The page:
TUC pushes for expansion of 1D1F and PFJ


The One District-One Factory (1D1F) and Planting for Food and Jobs (PFJ), if pursued more vigorously, can strengthen the domestic private sector, the Executive Council of the Trades Union Congress (TUC) has observed.

TUC believes these initiatives need rapid expansion and support from all social partners. “They can make a significant difference in strengthening the industrial base of our economy for job creation, especially in rural communities,” the council noted.

It in its New Year message copied to media houses and signed by its Secretary-General, Dr. Yaw Baah, the Trades Union Congress wished all workers a very Happy, Prosperous and Peaceful New Year! It noted that last year (2020) was a very challenging one because of the coronavirus pandemic, as it affected all economically, socially and psychologically.

“Unfortunately, COVID-19 has followed us into 2021,” he said, but expressed confidence that government will work tirelessly to ensure adequate supply of COVID-19 vaccines in Ghana as soon as possible.

The umbrella-body of 18-affiliate national trade unions took the opportunity to congratulate Nana Addo Dankwa Akufo-Addo on his re-election as President of the Republic of Ghana, and equally commended former President John Dramani Mahama for his decision to seek redress of his grievances at the Supreme Court.

The TUC also congratulated the newly-elected Speaker of Parliament, Alban Bagbin, the Deputy Speakers, and all Members of Parliament on their election or re-election.

TUC however tersely stated that it is unpardonable that, almost 64 years after independence from colonial rule, millions of Ghanaians have no access to basic necessities such as clean water and sanitation facilities.

Also, 4.5 million Ghanaians have no access to electricity despite the fact that Ghana has excess capacity of electricity; a significant number of Ghanaian children and women of childbearing age are suffering from chronic malnutrition and anemia; while many children are dying needlessly from malaria and other preventable diseases because of the unhygienic conditions and poor healthcare.

“Our roads are comparable to war zones in terms of the number of people who lose their lives through preventable road accidents every day; many Ghanaians are living in streets because they have no access to housing; our national daily minimum wage is a paltry GH¢319 per month; and young graduates cannot find jobs many years after graduation.”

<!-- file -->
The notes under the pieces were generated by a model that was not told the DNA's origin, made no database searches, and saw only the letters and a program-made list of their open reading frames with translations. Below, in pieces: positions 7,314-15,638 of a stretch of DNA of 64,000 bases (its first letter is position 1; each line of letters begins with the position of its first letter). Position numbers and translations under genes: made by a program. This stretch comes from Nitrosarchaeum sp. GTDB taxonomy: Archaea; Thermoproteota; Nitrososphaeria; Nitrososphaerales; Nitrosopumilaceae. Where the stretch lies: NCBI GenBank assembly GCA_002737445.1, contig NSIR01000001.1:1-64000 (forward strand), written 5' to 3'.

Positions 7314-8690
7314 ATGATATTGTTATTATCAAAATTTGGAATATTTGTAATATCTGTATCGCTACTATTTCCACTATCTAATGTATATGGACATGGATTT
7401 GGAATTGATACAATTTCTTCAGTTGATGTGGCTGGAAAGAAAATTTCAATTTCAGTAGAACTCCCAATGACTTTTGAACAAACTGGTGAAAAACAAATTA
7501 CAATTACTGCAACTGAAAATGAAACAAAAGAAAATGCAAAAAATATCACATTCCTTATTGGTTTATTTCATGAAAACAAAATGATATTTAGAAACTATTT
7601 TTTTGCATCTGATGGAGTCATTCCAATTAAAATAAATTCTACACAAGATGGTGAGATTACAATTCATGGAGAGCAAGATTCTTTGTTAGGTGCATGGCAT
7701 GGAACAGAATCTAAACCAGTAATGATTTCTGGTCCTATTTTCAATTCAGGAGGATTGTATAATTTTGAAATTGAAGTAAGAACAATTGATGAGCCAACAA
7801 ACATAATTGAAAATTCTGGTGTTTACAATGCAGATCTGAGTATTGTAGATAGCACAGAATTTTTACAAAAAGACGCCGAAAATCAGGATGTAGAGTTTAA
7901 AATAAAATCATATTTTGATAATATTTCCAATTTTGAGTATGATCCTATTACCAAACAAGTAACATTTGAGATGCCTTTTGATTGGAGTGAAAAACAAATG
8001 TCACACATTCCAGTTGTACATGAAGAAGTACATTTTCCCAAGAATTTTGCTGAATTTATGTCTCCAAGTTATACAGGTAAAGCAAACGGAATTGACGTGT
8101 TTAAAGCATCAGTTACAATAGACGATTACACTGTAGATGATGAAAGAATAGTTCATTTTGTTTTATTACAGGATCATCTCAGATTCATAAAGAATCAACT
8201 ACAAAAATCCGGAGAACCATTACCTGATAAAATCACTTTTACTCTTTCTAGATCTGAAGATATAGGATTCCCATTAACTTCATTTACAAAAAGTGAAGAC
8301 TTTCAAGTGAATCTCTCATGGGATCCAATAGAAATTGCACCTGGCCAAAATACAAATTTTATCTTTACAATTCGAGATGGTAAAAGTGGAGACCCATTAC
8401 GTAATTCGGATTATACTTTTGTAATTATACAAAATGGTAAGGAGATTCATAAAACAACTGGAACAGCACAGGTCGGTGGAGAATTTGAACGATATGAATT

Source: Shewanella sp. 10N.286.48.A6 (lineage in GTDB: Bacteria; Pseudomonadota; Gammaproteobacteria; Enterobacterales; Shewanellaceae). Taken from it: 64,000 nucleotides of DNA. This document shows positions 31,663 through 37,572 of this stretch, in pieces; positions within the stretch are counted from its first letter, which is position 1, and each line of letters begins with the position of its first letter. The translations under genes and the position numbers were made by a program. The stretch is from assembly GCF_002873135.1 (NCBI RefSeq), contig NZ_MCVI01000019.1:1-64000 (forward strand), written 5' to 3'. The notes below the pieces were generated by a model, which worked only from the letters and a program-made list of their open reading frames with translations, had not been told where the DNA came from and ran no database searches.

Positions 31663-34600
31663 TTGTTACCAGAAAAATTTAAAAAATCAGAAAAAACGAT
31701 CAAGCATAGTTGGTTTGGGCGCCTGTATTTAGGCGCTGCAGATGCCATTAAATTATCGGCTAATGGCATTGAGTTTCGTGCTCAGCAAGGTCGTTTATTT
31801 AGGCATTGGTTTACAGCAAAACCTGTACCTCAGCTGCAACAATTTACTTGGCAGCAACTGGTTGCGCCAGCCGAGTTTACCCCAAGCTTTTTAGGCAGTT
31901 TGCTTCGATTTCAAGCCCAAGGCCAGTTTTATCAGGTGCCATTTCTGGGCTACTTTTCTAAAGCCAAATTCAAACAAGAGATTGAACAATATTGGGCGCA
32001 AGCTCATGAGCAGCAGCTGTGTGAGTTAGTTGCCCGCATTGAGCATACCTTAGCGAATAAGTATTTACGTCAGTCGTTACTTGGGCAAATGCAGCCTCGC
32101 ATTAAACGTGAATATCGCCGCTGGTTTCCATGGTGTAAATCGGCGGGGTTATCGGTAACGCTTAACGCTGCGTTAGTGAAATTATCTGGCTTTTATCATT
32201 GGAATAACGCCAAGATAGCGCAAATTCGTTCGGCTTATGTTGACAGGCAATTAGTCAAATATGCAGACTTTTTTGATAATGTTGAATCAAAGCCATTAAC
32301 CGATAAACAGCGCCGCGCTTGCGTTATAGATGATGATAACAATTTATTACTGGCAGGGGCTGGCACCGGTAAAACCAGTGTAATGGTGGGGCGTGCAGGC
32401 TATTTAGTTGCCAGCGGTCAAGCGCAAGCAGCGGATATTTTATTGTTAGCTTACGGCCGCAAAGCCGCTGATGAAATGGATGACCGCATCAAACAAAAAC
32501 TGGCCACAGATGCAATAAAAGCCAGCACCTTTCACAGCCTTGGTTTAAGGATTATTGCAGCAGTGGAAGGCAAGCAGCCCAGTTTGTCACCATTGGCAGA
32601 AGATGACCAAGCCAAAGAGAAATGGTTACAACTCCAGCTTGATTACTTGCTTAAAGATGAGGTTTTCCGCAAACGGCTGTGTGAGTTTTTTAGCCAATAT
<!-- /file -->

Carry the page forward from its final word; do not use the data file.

The TUC therefore notes that the task ahead is huge, and observed that the president in his inaugural address acknowledged “the considerable amount of work that is to be done over the next four years in the drive to take the nation firmly onto the path of progress, prosperity and development following the havoc wrought by COVID-19”.

“That is why we urge the NPP and NDC to find a way of working together – not only in the parochial interest of their parties, but more importantly in the supreme interest of the good people of Ghana,” it further stated.

The TUC has already written to the Ministry of Employment and Labour Relations requesting for a meeting of the National Tripartite Committee to commence negotiation of a national minimum wage for 2021 to pave the way for negotiation of base pay.

“We expect negotiation of the national minimum wage and base pay for 2021 to be concluded before the National Budget is presented to Parliament in March 2021.”

In his State of the Nation Address recently, the president announced government’s decision to exclude all security agencies from the unification of pensions. However, TUC regrets to inform the president that TUC cannot support such a policy.

“It should be noted that pension unification is an important component of the pension reform. The decision to allow security agencies to continue enjoying benefits under the non-contributory CAP 30 scheme undermines the solidarity principle that served as a key guiding principle for the pension reform initiative.”

That decision also contravenes the principle of equality of treatment in employment, as clearly stipulated in the International Labour Organisation (ILO) Convention 111 (Discrimination–Employment and Occupation) which was ratified by Ghana in 1961.

Consequently, the TUC is calling on government to convene a stakeholder consultation forum to discuss this and other pertinent pension matters. In conclusion, the TUC and its affiliate unions will continue to work with social partners on important matters of state; and will continue to play its role in promoting industrial peace, which is necessary for economic and social transformation.

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